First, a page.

Perfectionism, Cognition, and Affect in Response to Performance Failure vs. Success

Sapir Academic College; York University; University of British Columbia
Journal of Rational-Emotive and Cognitive-Behavior Therapy 01/2004; 22(4):297-324. DOI: 10.1023/B:JORE.0000047313.35872.5c

ABSTRACT The current paper describes the results of an experiment in which 200 students who varied in levels of trait perfectionism performed a laboratory task of varying levels of difficulty. Participants received either negative or positive performance feedback, independent of their actual level of performance. Analyses of pre-task and post-task measures of negative and positive affect showed that individuals with high self-oriented perfectionism experienced a general increase in negative affect after performing the task, and self-oriented perfectionists who received negative performance feedback were especially likely to report decreases in positive affect. Additional analyses showed that self-oriented perfectionists who received negative feedback responded with a cognitive orientation characterized by performance dissatisfaction, cognitive rumination, and irrational task importance. In contrast, there were relatively few significant differences involving other-oriented and socially prescribed perfectionism. Collectively, our findings support the view that self-oriented perfectionism is a vulnerability factor involving negative cognitive and affective reactions following failure experiences that reflect poorly on the self.

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    ABSTRACT: This study investigated if clinical perfectionism leads to resetting standards higher following both success and failure. A sample of 206 participants (74% female) completed an online experiment consisting of three sets of a nonverbal reasoning task and were asked before each set to select how many of the trials they aimed to get correct. Each set was followed by feedback regarding performance. Half of the participants received ‘difficult’ items for set 2, to allow investigation of failure effects. There was a significant relationship between clinical perfectionism and the standards that were set for the first set; however, there was no relationship with standard setting following success or failure. Instead, previous actual success or failure was the best predictor of goal setting. Consequently, clinical perfectionism was associated with setting higher standards in general, but not resetting standards higher following success or failure. Findings suggest that while clinical perfectionism plays a role in standard setting prior to performance, following performance actual success or failure becomes the best indicator. The implications of these findings for the cognitive behavioural model of clinical perfectionism are discussed.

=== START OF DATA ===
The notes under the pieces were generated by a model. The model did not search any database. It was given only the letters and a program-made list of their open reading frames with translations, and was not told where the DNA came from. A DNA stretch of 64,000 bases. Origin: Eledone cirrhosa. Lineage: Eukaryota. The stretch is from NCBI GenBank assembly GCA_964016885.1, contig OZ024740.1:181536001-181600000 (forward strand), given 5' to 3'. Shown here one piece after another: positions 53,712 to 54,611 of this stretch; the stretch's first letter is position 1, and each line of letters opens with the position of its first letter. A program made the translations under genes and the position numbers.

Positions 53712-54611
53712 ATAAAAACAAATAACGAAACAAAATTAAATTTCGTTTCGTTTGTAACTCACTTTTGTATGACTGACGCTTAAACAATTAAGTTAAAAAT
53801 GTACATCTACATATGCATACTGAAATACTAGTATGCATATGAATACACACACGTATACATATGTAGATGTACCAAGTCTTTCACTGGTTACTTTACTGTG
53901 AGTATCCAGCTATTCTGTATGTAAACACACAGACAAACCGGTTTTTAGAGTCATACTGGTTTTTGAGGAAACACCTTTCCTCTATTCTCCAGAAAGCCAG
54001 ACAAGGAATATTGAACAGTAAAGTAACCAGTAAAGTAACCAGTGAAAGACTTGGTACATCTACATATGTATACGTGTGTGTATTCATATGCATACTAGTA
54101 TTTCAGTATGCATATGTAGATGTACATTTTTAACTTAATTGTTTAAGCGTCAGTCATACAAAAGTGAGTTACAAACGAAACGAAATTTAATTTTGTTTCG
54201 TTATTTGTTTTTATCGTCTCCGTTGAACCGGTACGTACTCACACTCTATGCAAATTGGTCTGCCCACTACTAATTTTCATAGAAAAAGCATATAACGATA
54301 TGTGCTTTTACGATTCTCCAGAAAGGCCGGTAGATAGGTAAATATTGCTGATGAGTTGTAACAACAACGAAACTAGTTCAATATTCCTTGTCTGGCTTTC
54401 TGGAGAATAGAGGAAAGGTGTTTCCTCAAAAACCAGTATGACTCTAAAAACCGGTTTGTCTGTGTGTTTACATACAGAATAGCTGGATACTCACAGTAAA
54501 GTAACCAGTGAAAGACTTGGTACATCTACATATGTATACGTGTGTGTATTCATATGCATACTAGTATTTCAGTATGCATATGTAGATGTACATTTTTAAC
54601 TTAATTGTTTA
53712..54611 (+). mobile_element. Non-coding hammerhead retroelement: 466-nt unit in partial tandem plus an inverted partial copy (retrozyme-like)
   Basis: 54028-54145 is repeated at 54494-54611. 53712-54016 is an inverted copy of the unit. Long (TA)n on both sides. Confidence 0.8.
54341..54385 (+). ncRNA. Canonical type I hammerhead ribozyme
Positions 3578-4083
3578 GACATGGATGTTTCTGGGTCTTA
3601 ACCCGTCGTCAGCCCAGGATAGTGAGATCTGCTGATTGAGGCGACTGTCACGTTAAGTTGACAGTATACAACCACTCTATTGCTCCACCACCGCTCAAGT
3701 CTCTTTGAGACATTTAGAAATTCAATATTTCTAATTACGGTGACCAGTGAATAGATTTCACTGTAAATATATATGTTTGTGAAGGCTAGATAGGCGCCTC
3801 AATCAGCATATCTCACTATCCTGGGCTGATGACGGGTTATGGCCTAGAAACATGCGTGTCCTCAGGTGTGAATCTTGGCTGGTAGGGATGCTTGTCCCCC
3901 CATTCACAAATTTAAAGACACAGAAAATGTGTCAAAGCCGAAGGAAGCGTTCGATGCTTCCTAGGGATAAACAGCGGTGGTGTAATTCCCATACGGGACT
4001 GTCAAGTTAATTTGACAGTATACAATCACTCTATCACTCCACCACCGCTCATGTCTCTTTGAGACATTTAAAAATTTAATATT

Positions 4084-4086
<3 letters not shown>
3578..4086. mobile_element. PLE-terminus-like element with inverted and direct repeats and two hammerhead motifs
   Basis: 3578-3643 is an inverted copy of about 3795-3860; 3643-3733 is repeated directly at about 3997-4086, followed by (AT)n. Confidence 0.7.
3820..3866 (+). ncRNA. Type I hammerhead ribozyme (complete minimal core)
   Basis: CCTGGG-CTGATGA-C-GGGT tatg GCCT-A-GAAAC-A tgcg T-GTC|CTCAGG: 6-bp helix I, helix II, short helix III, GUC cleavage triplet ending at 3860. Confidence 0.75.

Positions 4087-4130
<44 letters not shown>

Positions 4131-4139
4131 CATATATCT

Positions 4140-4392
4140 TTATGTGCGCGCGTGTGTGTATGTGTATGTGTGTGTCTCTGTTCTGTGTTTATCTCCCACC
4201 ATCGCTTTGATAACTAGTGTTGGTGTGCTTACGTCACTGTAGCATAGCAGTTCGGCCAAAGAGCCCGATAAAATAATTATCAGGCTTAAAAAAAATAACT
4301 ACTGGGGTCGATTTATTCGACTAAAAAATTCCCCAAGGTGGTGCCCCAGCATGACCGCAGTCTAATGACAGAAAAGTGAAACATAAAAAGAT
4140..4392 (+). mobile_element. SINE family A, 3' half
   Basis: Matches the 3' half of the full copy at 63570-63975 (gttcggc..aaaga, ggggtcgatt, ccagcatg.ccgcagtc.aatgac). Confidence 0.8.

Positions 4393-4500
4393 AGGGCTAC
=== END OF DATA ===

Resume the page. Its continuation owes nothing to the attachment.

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    ABSTRACT: The present study investigated the role of standard setting by examining the differences in cognitive, affective, and behavioural responses to completing a task for adaptive and maladaptive perfectionists, and the impact of manipulating the expected standards of a task on the evaluation of performance standards. Groups of adaptive, maladaptive, and non-perfectionist participants completed a 15-min anagram task. Levels of positive and negative mood, task anxiety, self-efficacy, and threat appraisals were assessed. Results showed that conditions which involved a high expected standard of performance (i.e., high evaluative threat) were detrimental for maladaptive perfectionists as demonstrated in their higher levels of emotional distress, greater endorsement in dysfunctional thinking, and lower levels of persistence on insolvable anagrams, while adaptive perfectionists and non-perfectionists showed no significant differences in patterns of responding, irrespective of the expected standard. However, adaptive perfectionists were significantly more persistent on insolvable anagrams when under conditions of high evaluative threat. These findings provide support to existing theories of perfectionism and are discussed in terms of the way that the setting and attaining of standards for a task may play across adaptive and maladaptive dimensions of perfectionism. Both clinical implications of the present findings and directions for future research are also explored.
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    ABSTRACT: Perfectionists have shown increased negative affect after failure compared to nonperfectionists. However, little is known about how perfectionists react to repeated failure. This study investigated the effects of two forms of perfectionism—self-oriented perfectionism and socially prescribed perfectionism—on 100 university students’ reactions to repeated failure (versus repeated success) examining three negative emotions: anxiety, depression, and anger. Results showed that socially prescribed perfectionism predicted increased anxiety, depression, and anger after initial failure and further increased anger after repeated failure. In contrast, self-oriented perfectionism predicted increased anxiety, but only after repeated failure. The findings suggest that both self-oriented and socially prescribed perfectionism are vulnerability factors predisposing individuals to react with increased negative affect after repeated failure.
    Journal of Individual Differences 06/2014; 35(2):87-94. · 0.83 Impact Factor

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